You Say Malachim, I Say Apsaras
Angels, by any name, exist in many world religions.
BY: Rebecca Phillips
Angels in Judaism, ormalachim
, are messengers of God who help carry out God's work and plans. For a complete explanation of the role of angels in Judaism, seethis column
on angels in Jewish tradition.
Angels are purely spiritual beings who do not have a physical form. Biblical angels do take on physical form, though Maimonides, the great Jewish sage and biblical commentator, later wrote that physical descriptions of angels were metaphorical.
Angels intervene in stories in the Torah (the first five books of the Bible) as God's messengers, such as when an angel stops Abraham from sacrificing his son Isaac. There is also the famous story of Jacob wrestling with an angel. But in general, angels initiate the communication from God, not vice-versa. There is no angel worship in Judaism, and Jews believe that it is only God who determines what happens on earth—angels merely carry out God's will.
Traditionally, Micha'el is a guardian of the people Israel. He carries out God's mission of kindness. Gabriel is the angel of judgment and strength. Uriel is an angel who illumines the right path. Raphael is a healer.
Angels are described in the Doctrine and Covenant as being one of the two kinds of bodies in heaven. They are described as "resurrected personages." They are considered by Mormons to be messengers of God and "ministering spirits."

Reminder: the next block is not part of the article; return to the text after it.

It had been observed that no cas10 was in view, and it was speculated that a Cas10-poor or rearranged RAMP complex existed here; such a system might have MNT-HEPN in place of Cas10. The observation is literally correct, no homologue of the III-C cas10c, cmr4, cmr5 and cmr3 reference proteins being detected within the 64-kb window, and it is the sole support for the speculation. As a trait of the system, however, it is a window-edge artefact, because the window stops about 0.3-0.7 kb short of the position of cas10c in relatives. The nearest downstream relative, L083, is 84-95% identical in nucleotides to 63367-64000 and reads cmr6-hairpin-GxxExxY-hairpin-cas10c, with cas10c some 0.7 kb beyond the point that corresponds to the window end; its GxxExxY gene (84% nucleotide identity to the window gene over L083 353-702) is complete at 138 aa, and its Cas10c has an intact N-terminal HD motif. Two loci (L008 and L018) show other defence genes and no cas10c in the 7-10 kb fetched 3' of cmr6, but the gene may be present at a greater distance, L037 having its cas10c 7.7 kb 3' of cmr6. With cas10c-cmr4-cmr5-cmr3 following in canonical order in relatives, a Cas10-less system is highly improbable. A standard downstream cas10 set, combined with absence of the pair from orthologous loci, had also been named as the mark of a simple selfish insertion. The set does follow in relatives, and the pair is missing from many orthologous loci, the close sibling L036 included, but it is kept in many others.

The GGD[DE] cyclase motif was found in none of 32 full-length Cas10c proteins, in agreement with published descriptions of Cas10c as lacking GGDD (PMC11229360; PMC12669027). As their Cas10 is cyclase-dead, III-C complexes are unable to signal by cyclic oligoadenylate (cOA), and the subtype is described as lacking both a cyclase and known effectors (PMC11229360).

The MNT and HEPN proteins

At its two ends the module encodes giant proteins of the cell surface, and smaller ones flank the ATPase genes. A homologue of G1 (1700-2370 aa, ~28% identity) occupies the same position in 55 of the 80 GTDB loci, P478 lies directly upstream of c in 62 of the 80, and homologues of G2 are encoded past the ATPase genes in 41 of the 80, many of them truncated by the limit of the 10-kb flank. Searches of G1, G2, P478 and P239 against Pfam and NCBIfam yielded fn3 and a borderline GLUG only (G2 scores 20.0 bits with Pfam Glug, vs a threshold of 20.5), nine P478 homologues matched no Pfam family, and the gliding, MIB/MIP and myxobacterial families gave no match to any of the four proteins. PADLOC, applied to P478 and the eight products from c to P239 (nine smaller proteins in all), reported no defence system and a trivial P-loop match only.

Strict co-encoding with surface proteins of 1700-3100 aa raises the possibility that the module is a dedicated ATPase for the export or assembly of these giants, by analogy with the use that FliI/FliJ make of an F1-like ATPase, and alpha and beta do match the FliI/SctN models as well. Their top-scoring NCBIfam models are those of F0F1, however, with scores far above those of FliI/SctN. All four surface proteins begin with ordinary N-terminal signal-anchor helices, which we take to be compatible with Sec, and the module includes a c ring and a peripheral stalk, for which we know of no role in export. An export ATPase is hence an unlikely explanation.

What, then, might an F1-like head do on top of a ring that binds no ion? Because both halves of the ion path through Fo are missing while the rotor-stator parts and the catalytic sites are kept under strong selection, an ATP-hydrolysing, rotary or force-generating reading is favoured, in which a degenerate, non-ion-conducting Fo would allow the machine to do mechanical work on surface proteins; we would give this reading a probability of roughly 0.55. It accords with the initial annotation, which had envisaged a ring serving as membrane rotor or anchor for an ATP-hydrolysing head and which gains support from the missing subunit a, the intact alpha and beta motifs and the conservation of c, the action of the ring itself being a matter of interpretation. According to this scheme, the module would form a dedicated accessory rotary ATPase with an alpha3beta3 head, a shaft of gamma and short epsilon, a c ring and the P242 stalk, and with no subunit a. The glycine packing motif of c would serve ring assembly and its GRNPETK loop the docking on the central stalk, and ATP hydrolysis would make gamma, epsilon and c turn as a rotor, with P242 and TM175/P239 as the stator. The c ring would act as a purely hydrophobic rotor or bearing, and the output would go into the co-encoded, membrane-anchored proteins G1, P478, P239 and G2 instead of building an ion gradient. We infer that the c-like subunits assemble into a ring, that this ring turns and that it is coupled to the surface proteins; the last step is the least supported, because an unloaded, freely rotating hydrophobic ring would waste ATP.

Angels are either ministering spirits or more evolved human beings who have flesh and bone.
Latter-day Saints believe that angels can appear to people in a very literal sense, but not necessarily that each person has a specifically assigned guardian angel. Angels serve to advance the work of the Lord through giving instruction or authority for specific tasks, as was the case with the founding of the Mormon religion. Angels can also impart comfort, warning, protection, or knowledge but never in a way that interferes with human free will. Mormons believe that "the whispering of the Holy Ghost" is a more common and ultimately more effective way in which God communicates with individuals.
Mormons believe that their founding prophet, Joseph Smith, was visited by the angel Moroni who led him to the Book of Mormon. (Moroni was once human, the son of the prophet Mormon, who became an angel after he died.) A golden statue of Moroni sits atop most Mormon temples.
Angels are messengers and carry out God's will. Some angels are guardian angels. John Calvin viewed angels as protectors and helpers. Angels are recognized as very powerful beings. The gospels are full of examples of the angels intervening with Jesus, as announcers of his birth, ministers to him in the wilderness, and more.
Angels are created as spirit beings—not as humans. They can take on a corporeal form if doing so will help them do their work on earth. They are genderless and invisible.
They provide guidance and assurance to believers. Guardian angels help protect people from harm. Not all angels are good, however.
All biblical angels are important. Most Protestant theologians, however, warn against the Catholic practice of praying to angels (which they viewed as angel worship) and the angel hierarchy of Catholicism because these traditions were not biblical and were seen as having pagan roots. Christianity also teaches that Lucifer, the devil, was a fallen angel who rebelled against God and was kicked out of heaven.